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Analyst. 2006 Dec;131(12):1332-4. Epub 2006 Sep 28.

Separation of samarium and neodymium: a prerequisite for getting signals from nuclear synthesis.

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Department of Chemistry, The University of Burdwan, Burdwan, 713104, India.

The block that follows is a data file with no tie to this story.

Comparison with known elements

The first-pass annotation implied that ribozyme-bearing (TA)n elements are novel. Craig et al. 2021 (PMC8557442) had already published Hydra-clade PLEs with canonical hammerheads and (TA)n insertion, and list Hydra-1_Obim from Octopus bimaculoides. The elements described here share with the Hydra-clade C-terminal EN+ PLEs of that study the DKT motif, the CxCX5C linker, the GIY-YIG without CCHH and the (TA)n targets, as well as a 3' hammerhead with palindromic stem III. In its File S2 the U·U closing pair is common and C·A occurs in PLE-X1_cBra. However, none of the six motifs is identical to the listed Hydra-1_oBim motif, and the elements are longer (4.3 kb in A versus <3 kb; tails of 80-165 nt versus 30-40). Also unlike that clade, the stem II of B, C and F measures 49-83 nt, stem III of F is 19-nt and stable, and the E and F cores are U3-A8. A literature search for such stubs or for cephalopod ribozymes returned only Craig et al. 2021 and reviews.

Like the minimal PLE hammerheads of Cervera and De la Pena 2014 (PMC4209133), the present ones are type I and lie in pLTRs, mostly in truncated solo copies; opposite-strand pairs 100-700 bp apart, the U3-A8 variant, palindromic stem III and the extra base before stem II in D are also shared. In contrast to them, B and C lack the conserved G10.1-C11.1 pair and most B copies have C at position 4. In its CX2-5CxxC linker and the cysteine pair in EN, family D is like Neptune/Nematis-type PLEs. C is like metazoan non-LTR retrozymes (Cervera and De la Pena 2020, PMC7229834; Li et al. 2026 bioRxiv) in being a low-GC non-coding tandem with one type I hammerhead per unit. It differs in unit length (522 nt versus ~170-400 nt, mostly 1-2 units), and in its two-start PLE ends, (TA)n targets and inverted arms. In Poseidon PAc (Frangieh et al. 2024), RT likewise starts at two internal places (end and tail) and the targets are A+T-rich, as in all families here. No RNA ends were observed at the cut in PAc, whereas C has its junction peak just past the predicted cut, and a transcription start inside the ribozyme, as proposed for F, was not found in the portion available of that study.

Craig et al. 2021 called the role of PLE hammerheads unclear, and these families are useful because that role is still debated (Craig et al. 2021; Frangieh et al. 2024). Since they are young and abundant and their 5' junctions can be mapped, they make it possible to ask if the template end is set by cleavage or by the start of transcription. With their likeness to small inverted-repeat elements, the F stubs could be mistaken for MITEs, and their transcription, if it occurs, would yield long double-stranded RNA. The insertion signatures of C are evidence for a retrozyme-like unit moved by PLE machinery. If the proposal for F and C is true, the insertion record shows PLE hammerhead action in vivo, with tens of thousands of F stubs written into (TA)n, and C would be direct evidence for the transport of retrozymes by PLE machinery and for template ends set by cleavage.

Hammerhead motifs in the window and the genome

(146)Sm (T(1/2) = 10(8) y) is a long-lived radionuclide which has been produced in significant amounts during burning in a supernova (SN). Detection of this SN produced long-lived radionuclide on Earth may be helpful for getting information on nuclear synthesis at the time of our solar system's formation. Only accelerator mass spectrometry (AMS) can determine such minute traces of (146)Sm still expected in the Earth's crust. However, the villain of (146)Sm measurement through AMS is its naturally occurring stable isobar (146)Nd which is a million times more abundant than the trace amount of (146)Sm. Therefore an efficient method for the separation of samarium and neodymium is required to measure (146)Sm through AMS. A simple liquid-liquid extraction (LLX) based method for separation of samarium and neodymium has been developed using radiometric simulation. Di-(2-ethylhexyl)phosphoric acid (HDEHP) has been used as the organic reagent. A very high separation factor ( approximately 10(6)) can be achieved when a solution containing samarium and neodymium is reduced by hydroxylamine hydrochloride followed by extraction with 0.1% HDEHP diluted in cyclohexane from 0.025 M HCl solution.

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